Week Three: Check

I've done it!  For the third week in a row I have successfully brought my lunch to work.  We ate at the spa on Monday, so I only had to make it four days.

During this short week, I only went out to lunch once, but it was someone else's treat, so I still didn't buy lunch.  I stopped at Ralph's last weekend and picked up some shaved roast beef, and some grinder rolls.  I only made half sandwiches all week.  Using my oil-vinegar compilation to soak the meat in all morning came out really well with the roast beef.  I need to start mixing it up so I don't get tired of my sammiches.

Somewhat related, one of my co-workers today mentioned that he eats the same thing for lunch every day - a peanut butter & jelly sandwich, string cheese, and a peice of fruit.  The peice of fruit changes up, but that's it.  Even on weekends.  Every day.  He says he loves it, that inside he's 12 years old.

It is still easier to eat in the office most days, but I'm eating quietly at my desk and then stepping out to run an errand, walk around the building, or go read somewhere.

Monday, September 1, 2008

Back to the Spa

To celebrate Labor Day, Jessica, Brian, Bobby, and I didn't participate any labor at all.  Instead, we went to a day spa, lounged in the pools, soaked up the sun, went through the Grotto, etc.  It was a lovely, much needed relaxing day.  A facial or massage would have made it better, but we'll have to do that next time.

I have not had to pay to get in for 11 years now.

When I was like 13 years old or something, my parents loved going to Club Mud, at Glen Ivy Hot Springs Spa and occasionally they would take us along.  This was before it was only open to a 16+ crowd.

When they made me go looking for a job the summer before my senior year in high school, I refused to even apply at a fast food place, and found myself looking through the classifieds for anything else at all.  Wouldn't you know, Glen Ivy was hiring.

I worked there for four years - two in the cafe, and two as a receptionist for spa services.  I cannot say how much I enjoyed the atmostphere there.  Sure, there were a couple people I didn't care for or really get along with, but overall it was a pleasant place to work.  I had unlimited access to the spa, and discounts on services.  I knew over 100 massage therapists and estheticians, and because I would willingly massage their tired hands and shoulders, they willingly took care of me too.  I was spoiled with facials and massages and body treatments.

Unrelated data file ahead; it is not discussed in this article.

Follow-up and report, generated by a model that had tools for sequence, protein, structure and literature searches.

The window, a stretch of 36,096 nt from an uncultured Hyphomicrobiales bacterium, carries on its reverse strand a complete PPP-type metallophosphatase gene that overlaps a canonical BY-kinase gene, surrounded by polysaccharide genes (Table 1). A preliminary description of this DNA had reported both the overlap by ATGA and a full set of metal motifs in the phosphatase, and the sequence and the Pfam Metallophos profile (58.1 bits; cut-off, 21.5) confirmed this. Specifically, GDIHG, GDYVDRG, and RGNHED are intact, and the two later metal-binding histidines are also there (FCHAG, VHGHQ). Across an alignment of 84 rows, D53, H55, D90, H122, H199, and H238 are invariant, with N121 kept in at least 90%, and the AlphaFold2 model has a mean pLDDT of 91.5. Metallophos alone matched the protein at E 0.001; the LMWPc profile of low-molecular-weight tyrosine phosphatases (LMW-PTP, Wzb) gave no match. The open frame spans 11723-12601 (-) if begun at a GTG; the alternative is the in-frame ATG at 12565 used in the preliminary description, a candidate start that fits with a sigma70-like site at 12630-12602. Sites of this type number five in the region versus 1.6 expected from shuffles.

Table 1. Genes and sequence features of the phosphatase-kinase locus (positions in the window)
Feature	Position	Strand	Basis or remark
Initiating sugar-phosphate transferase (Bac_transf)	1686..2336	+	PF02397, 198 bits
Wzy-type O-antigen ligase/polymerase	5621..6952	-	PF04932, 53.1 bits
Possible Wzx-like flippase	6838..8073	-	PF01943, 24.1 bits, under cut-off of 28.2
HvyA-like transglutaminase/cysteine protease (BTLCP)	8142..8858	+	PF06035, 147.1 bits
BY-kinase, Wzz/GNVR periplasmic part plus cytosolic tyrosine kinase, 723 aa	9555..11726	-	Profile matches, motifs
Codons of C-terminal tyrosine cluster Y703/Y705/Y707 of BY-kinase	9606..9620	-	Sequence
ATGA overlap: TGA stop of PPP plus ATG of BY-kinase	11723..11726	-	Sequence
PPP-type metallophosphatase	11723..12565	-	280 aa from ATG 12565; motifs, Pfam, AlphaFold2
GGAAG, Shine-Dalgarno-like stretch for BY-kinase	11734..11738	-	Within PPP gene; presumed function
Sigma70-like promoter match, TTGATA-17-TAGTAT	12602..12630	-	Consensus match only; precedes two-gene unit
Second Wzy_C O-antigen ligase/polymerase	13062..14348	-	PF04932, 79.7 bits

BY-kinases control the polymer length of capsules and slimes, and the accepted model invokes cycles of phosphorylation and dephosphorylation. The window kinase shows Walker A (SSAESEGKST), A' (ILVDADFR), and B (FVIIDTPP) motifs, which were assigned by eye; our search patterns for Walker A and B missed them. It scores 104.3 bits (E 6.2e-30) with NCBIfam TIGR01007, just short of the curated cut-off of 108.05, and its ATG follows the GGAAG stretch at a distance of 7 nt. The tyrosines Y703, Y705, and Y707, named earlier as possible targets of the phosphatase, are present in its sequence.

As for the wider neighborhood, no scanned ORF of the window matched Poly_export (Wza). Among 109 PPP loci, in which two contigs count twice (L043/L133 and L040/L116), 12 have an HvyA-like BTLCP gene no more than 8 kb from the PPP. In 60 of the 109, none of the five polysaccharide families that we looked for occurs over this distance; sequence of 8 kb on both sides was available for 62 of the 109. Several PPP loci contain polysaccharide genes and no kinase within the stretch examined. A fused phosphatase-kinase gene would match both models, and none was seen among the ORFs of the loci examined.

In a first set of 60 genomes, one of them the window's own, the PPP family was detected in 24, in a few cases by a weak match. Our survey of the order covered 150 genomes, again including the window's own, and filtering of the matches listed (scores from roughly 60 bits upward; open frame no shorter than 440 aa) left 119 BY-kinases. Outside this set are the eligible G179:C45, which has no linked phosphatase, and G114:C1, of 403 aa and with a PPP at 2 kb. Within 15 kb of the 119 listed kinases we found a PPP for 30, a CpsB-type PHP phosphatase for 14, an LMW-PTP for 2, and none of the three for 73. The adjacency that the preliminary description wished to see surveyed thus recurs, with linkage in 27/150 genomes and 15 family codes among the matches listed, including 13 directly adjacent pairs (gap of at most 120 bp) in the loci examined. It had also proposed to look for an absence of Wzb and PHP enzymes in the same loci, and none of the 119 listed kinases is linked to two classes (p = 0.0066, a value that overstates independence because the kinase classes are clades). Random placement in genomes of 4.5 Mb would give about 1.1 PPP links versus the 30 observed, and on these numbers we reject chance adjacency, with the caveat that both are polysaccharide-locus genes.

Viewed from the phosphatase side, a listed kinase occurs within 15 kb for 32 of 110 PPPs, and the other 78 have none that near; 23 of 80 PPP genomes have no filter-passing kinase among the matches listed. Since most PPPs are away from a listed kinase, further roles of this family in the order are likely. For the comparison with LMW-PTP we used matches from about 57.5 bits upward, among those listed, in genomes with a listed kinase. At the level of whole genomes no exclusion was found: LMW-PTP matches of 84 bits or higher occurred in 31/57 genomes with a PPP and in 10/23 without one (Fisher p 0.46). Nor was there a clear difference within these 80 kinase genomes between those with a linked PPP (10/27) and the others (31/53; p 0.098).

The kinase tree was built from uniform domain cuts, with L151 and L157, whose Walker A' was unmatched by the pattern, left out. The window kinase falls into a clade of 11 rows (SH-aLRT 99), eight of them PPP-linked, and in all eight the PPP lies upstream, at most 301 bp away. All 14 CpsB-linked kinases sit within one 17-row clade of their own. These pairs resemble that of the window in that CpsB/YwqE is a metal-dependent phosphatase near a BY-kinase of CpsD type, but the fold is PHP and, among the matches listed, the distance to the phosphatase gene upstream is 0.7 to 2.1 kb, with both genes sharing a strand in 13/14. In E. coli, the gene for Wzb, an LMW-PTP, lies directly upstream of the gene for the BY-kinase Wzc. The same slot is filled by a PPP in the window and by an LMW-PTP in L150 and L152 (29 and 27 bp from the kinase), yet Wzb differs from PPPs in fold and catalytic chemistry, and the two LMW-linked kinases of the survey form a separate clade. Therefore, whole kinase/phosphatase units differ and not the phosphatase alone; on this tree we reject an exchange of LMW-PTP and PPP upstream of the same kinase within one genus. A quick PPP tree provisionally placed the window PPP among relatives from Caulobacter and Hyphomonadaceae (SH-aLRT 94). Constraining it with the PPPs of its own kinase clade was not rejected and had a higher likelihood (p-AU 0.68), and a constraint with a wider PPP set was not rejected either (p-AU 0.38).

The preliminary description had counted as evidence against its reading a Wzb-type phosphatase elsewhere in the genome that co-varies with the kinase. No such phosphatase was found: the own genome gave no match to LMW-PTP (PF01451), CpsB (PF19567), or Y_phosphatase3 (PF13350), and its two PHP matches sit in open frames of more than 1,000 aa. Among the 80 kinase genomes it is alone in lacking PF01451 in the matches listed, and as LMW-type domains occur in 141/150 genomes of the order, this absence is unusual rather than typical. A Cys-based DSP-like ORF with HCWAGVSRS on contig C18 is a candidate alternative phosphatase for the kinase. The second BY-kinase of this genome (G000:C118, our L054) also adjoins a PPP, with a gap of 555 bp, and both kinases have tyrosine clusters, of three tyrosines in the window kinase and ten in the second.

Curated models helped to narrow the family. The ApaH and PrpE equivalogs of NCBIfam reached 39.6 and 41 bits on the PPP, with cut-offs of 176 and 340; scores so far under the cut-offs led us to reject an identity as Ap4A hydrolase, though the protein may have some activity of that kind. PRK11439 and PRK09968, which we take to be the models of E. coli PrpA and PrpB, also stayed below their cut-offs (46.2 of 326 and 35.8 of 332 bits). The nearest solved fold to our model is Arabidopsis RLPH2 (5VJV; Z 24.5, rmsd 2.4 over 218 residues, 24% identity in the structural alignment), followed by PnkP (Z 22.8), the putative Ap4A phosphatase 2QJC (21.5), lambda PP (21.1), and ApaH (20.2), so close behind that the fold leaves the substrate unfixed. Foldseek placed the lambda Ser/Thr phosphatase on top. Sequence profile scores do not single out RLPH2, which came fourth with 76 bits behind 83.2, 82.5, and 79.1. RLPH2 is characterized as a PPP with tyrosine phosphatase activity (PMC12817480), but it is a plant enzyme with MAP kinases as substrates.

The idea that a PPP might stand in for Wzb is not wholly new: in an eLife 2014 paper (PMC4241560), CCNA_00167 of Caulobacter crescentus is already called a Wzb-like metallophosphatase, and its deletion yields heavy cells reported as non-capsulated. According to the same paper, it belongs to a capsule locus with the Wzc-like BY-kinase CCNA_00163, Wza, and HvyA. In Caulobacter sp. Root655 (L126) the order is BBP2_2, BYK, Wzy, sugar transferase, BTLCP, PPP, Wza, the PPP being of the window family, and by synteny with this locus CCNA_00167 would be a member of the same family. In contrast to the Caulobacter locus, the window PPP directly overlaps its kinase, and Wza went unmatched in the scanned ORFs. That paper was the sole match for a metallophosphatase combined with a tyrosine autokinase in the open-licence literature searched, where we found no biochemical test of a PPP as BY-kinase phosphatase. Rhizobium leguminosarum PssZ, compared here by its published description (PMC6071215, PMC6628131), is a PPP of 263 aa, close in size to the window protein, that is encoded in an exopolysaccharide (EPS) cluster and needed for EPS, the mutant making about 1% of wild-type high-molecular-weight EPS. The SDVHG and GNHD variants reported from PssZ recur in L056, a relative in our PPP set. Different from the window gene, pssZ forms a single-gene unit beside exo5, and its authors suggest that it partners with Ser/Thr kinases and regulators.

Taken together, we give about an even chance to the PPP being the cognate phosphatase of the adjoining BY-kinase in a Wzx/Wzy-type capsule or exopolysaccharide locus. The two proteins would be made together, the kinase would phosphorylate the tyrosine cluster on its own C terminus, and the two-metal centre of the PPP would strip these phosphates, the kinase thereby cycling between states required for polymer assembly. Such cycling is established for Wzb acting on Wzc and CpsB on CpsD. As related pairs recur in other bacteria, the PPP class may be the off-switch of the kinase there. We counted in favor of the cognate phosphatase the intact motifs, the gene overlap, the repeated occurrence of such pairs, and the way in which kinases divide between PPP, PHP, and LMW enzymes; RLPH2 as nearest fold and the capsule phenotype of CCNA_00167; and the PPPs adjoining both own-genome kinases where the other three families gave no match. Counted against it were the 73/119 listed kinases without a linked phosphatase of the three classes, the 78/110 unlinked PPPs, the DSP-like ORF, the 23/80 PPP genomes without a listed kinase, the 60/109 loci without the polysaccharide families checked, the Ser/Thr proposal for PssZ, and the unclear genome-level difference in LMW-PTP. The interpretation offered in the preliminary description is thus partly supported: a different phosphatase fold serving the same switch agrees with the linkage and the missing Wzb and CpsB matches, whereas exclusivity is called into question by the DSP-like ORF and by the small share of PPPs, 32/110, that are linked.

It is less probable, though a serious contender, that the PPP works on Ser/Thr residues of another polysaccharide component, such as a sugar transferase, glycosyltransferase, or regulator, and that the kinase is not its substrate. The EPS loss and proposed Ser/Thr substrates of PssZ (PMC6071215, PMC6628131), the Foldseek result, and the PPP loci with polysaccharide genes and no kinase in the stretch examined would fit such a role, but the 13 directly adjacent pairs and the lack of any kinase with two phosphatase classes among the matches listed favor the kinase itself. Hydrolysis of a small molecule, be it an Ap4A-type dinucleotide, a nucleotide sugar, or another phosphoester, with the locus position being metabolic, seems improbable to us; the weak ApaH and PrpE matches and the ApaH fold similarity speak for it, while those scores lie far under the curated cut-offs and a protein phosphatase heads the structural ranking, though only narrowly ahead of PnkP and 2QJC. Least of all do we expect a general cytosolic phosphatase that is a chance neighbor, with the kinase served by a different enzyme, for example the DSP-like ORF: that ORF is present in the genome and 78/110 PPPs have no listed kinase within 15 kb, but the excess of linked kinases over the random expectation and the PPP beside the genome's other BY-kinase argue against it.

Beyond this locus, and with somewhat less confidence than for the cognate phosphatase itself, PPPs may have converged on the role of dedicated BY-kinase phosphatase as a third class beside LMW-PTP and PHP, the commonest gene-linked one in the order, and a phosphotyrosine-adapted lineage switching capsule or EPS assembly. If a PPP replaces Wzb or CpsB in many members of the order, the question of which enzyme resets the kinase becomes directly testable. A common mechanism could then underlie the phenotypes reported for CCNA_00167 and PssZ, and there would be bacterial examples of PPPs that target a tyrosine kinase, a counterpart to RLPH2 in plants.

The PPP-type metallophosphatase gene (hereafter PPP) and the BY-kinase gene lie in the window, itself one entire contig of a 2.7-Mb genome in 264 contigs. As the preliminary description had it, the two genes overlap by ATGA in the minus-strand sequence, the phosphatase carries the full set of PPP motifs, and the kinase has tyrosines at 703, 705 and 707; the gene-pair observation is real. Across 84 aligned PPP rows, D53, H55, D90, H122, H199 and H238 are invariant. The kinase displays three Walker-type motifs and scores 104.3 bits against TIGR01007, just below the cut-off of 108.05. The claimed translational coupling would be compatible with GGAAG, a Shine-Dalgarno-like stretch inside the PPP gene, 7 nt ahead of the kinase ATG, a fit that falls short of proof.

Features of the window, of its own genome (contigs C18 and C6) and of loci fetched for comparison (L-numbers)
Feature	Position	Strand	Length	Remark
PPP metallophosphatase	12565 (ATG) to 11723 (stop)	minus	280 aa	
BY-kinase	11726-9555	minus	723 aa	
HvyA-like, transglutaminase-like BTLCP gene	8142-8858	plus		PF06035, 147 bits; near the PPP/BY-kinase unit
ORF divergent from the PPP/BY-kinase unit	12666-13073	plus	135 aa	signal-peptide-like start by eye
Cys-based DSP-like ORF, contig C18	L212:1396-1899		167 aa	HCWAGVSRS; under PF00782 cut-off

After I left, I still had friends working there, and could get into the spa whenever I wanted.  I had to pay for my services now, but a day in the sun and water, combined with even a brief massage is a great way to relax.  I loved laying on a floatie in the lounge pool, reading a book.  In the cooler season, when the spa is very slow is also a great time, as many of the spas are hot - just be sure to bring a nice fluffy bathrobe.

Soon my younger sister got a job there, and I was able to maintain my free access.  Gma and mom loved it too, so we would periodically plan trips; it was what we did together.  They had since built the Grotto, an "underground cave" where they paint you with an aloe-kelp clay, and then you sit in the warm room while the clay softens your skin.  The showers in the Grotto were the inspiration for the showers mom and dad put in Gma's house.

My younger sister left a few years ago, but it wasn't long until Bobby's sister-in-law started as an esthetician.  I'm glad Bobby enjoys going to the spa with me, and indulging a little.  He may even love massages more than I do.  We discussed going again in October - Brian mentioned buying me a massage, maybe Bobby can buy me a facial that day too.  I do love the pampering.

Sunday, August 31, 2008

Grape Crush

Mom told me last week that the grapes were going to be ready soon, and asked when we were going to come over and help them make wine.  Today was the day.

This is the third year we've done this.  Mom and dad planted grapevines so they would create a nice shade cover in the front courtyard, but then with grapevines come grapes, and there is no reason to just let them go to waste, right?

Since wine isn't the reason they have the vines, mom and dad don't prune the vines for that purpose, or do enough cluster thinning, so the wine is never going to be super amazing, but it's an interesting experience, and since I'd like to eventually grow grapes to make wine, it serves as a nice practice run.

The first year we did this, the boys (dad, Keith, Bobby) wound up crushing the grapes with spatulas, and developed some nice blisters on their knuckles.  We call it the "blood wine" because there really is a tiny bit of blood in it.  Last year Bobby and I couldn't make it over to the house before it was too late, so we missed out.

This year, a friend of dad's and her sone came by to help out, and I gave Emma a camera so I would have proof of the event.  The cabernet seemed sickly this year, and mom and dad had prevented it from growing any fruit, so we just had the pinot noir to harvest.

Mom and Bobby were cleaning off the grapes while the rest of us crushed.  Everyone else employed our spatula technique, but I just grabbed bunches and crushed them with my fingers.  Bobby suggested that next year we get a kiddie pool and crush them the old fasioned way - with our feet.

As we were crushing away, dad brought out a glass of the wine from last year and the year before so we could try them out.  I thought they were both on the sour side, but I don't know how much that is attibutable to their youth.  Perhaps they will mellow out, perhaps we are doing something wrong, I'm not sure.

When we finished crushing, we had a nice lunch of homemade tamales, salad, and Bootlegger's Amber Alt Ale.  Perhaps one day we'll make wine as well as Aaron makes beer.